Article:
The Monaco Grand Prix returns this weekend for what could be the most important running in the event's history.
Its spot as the jewel in F1's crown has come under threat in recent years as the sport places focus on more exciting racing action as well as the increasing trend to take races to global destinations for street races.
But the introduction of Las Vegas later this year will likely be Monaco's biggest concern with a view to safeguarding its future on the schedule. Here's why.
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Sin City threat
F1's move to add Las Vegas to the calendar provides the sport with an opportunity to immerse itself in the glitz and glamour of Sin City.
The race will be held at night with cars battling down the Strip as the world-famous hotels illuminate the backdrop.
In many ways, the race is a modern interpretation of the Monaco Grand Prix in a new, emerging market for the sport. This will cause concern for those who hold the Principality close to their hearts. After all, the race is almost synonymous with F1 - much like Ferrari. It feels you can't have one without the other.
Yet as F1 moves towards fan pleasure with its various innovations in recent years since the incredible success of the Netflix docuseries Drive to Survive, the lack of overtaking has become an issue for the race.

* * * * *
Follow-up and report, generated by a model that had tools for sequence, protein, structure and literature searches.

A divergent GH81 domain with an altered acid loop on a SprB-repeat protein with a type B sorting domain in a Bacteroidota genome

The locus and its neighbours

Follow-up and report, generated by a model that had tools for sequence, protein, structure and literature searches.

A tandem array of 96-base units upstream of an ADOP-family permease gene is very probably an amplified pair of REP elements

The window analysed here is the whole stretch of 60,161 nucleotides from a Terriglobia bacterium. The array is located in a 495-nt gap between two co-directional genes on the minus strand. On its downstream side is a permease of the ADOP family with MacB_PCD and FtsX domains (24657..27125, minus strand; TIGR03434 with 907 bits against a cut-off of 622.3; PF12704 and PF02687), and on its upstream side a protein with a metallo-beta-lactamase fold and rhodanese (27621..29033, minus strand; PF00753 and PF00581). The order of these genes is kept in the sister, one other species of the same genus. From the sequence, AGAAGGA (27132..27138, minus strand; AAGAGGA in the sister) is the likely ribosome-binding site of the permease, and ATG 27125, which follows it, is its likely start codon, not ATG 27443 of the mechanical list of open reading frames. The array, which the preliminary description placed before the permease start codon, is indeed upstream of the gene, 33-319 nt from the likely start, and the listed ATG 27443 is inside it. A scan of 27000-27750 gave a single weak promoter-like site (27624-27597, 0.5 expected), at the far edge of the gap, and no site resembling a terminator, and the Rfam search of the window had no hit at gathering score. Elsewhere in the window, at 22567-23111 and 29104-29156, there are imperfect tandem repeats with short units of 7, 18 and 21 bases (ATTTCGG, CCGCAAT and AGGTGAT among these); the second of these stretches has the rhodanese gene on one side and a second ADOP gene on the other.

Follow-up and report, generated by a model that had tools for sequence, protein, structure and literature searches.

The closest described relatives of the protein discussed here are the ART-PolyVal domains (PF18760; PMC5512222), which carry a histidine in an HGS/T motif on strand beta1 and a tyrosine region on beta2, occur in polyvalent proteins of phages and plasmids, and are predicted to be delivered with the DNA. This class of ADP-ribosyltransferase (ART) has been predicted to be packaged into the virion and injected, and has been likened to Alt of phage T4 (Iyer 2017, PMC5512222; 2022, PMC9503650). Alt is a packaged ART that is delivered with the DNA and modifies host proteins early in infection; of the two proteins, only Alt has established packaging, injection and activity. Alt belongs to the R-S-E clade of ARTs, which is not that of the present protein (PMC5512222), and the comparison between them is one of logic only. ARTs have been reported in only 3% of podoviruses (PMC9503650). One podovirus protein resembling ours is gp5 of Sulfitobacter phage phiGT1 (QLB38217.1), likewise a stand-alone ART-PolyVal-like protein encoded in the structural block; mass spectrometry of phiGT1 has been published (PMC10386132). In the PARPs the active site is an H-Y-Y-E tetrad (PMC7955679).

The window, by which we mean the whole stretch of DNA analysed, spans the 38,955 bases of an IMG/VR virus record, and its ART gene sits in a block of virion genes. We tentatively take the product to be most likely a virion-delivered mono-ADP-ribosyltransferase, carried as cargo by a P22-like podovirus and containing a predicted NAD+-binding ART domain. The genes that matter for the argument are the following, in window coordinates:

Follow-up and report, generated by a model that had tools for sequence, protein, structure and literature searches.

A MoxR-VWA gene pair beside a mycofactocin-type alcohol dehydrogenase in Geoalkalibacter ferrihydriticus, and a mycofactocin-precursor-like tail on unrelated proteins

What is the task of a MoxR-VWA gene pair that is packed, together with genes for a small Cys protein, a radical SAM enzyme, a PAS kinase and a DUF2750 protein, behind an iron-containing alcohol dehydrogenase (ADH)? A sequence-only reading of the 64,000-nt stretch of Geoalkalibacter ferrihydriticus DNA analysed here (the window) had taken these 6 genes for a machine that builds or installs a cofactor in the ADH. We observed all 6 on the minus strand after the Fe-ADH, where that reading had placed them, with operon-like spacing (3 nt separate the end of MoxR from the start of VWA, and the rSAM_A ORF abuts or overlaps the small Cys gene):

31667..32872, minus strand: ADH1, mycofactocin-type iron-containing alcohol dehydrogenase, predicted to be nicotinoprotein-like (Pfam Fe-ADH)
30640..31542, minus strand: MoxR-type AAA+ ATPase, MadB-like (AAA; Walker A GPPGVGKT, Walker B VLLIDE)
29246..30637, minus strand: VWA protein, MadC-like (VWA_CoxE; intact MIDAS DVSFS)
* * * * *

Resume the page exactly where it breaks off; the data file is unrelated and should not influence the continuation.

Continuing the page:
Cars have become longer and wider in modern F1, creating an impossibility for drivers no matter how much faster their car or tyres may be at a given point of proceedings. This has placed focus on Saturday and effectively turned the event into a 'qualifying' race.
Speaking last year after the announcement of the Las Vegas Grand Prix, Lewis Hamilton said: "It's one of the crown jewels of our sport. So I'm not really sure it would be great to lose it.
"There are good bits… I guess that the difficult part is that the racing itself is not that spectacular."
Daniel Ricciardo added: "I'm not sure it provides the ultimate viewing experience on a Sunday but the weekend experience, and just everything that is Monaco, is special and unique.
"Winning it or not, going there as an F1 driver and having that and experiencing all the emotions that go with competing in Monaco, it's unique.
"I'm very, very happy to have that, and have experienced that in my career. I guess I would wish the next generation to also experience that because it is special."
There is plenty of support for the race from inside the paddock and those fans who hold heritage as a core pillar of the sport, but will that be enough?
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Baku a cause for concern
A look at the calendar will show street races in Saudi Arabia, Azerbaijan, Miami, Singapore and Las Vegas. Monaco's claim to fame as one of the few street circuits is now out of the window and in turn means the heritage is one of the races last saving graces.
Whilst the race must be preserved, it will need a strong weekend ahead of Las Vegas' bow later this year to ensure any heat is cooled on the organisers.
A repeat of last year's wet race could help pique intrigue for those craving non-stop action, but the cries of discontent in the wake of the Baku Sprint weekend point to what could be an uncomfortable week following this year's Monaco GP.
Let's hope the race can underline its value to the sport when the cars hit the track on Friday.
Balve Bains is joined by RacingNews365.com Editorial Director Dieter Rencken and Asia Correspondent Michael Butterworth to ask if Mattia Binotto could really join Alpine, what Pirelli's new tyres are about and the latest on the Red Bull-Ford partnership!